THREE TYPES OF CARTILAGE 2. Fibrocartilage – Highly compressible Forms the cushionlike disks between the vertebrae of the spinal column. 3. Elastic Cartilage – Very elastic Found where structure with elasticity is desired such as the external ear.
DENSE CONNECTIVE TISSUE • • • Has collagen fibers as its main matrix element. Crowded between the collagen fibers are rows of fibroblasts that manufacture the fibers. Also called dense fibrous tissue. Forms strong, ropelike structures. Examples: Tendons: Attach skeletal muscles to bones. Ligaments: Connect bones to bones. 1. 2. • 3. More stretchy and contain more elastic fibers than tendons. Also makes up the lower layers of the skin (dermis) where it is arranged in sheets.
DENSE REGULAR VS IRREGULAR
LOOSE CONNECTIVE TISSUE Softer and have more cells and fewer fibers than any other connective tissue type except blood. 3 types: 1. 2. 3. Areolar Tissue Adipose Tissue Reticular Tissue
AREOLAR TISSUE Areolar Tissue – Soft, pliable “cobwebby” tissue that cushions and protects the body organs it wraps. Most widely distributed connective tissue variety in the body. Functions as a universal packing tissue and connective tissue “glue” because it helps to hold the internal organs together and in their proper position.
AREOLAR TISSUE • Because of its loose and fluid nature, areolar connective tissue provides a reservoir of water and salts for the surrounding tissues. All body cells obtain their nutrients from areolar CT and release their wastes into this “tissue fluid. ” – When a body region is inflamed, the areolar tissue in the area soaks up the excess fluid like a sponge and the area swells and becomes puffy, a condition known as edema. • Many phagocytes wander through this area scavenging for bacteria, dead cells, and other debris, which they destroy. –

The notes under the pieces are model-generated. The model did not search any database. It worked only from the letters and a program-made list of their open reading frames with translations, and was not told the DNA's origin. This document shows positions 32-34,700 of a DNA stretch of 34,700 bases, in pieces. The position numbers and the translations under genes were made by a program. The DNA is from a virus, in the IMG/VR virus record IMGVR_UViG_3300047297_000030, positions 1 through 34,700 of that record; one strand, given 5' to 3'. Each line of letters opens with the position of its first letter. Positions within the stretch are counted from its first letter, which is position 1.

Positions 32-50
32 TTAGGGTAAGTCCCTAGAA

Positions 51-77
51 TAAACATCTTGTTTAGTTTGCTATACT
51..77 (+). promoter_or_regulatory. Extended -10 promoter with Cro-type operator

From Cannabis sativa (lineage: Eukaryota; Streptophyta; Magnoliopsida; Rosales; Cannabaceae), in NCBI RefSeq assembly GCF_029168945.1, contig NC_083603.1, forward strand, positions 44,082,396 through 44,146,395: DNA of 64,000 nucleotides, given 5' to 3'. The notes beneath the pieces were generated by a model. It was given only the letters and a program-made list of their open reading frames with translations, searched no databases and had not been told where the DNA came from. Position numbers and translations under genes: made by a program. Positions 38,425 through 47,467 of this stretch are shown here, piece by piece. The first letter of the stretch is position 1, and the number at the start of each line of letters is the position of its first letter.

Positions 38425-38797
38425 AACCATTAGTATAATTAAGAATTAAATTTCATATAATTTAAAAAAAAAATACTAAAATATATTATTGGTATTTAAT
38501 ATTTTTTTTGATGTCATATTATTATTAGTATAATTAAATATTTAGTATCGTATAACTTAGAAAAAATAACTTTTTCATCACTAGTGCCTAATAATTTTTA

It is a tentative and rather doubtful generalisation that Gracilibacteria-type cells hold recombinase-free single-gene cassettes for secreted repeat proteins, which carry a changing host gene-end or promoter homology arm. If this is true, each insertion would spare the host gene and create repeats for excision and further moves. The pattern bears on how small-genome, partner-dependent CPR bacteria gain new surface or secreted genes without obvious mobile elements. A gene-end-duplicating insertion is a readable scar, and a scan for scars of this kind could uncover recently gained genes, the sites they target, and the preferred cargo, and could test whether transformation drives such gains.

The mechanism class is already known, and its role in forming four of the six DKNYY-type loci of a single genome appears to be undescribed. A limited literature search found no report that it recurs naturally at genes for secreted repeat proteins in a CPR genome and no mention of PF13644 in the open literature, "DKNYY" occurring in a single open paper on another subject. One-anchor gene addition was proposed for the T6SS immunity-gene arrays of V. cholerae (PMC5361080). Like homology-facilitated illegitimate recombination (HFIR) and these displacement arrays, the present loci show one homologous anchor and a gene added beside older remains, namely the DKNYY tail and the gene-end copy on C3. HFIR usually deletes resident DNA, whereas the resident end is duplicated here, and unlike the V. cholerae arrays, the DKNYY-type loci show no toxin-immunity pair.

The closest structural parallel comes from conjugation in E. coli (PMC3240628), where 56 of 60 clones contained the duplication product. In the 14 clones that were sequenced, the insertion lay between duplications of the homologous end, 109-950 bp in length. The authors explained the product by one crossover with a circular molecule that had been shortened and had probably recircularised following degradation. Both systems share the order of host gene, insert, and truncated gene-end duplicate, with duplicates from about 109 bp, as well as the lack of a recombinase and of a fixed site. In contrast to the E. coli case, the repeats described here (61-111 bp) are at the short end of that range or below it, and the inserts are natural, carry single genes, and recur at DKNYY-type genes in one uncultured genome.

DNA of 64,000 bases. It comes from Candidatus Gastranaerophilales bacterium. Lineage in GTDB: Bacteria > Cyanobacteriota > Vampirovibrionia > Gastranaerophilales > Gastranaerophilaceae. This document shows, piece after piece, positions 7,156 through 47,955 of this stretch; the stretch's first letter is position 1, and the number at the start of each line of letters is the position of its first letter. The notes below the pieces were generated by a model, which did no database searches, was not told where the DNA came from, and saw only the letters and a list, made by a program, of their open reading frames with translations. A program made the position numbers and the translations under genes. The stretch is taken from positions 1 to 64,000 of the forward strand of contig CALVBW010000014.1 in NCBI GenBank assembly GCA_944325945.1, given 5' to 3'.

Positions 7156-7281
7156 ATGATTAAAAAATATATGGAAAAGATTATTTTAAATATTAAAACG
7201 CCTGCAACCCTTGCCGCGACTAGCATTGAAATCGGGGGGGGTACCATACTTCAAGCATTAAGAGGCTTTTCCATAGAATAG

ADIPOSE TISSUE • Adipose Tissue – Commonly called fat; areolar tissue in which fat cells predominate. – A droplet of stored oil occupies most of the fat cell’s volume and compresses the nucleus, displacing it to one side.
ADIPOSE TISSUE • Functions: 1. 2. 3. Adipose tissue forms the subcutaneous tissue beneath the skin, where it insulates the body and protects it from extremes of both heat and cold. Protects some organs individually. Fat cushions the kidneys and eyeball sockets. Fat deposits in the body (hips and breasts), where fat is stored and available for fuel if needed.
RETICULAR CONNECTIVE TISSUE Reticular Connective Tissue Type of loose irregular connective tissue. Has a network of reticular fibers. Reticular fibers are synthesized by fibroblasts called reticular cells. Forms a soft skeleton or internal supporting framework (stroma) to support the lymphocytes in lymphoid organs (lymph nodes, red bone marrow, and spleen).
BLOOD Blood – Vascular tissue Consists of blood cells, surrounded by a nonliving, fluid matrix called blood plasma. The fibers of blood are soluble protein molecules that become visible only during blood clotting. Blood is quite atypical as connective tissues go. Blood is the transport vehicle for the cardiovascular system. Carries nutrients, wastes, respiratory gases, and many other substances throughout the body.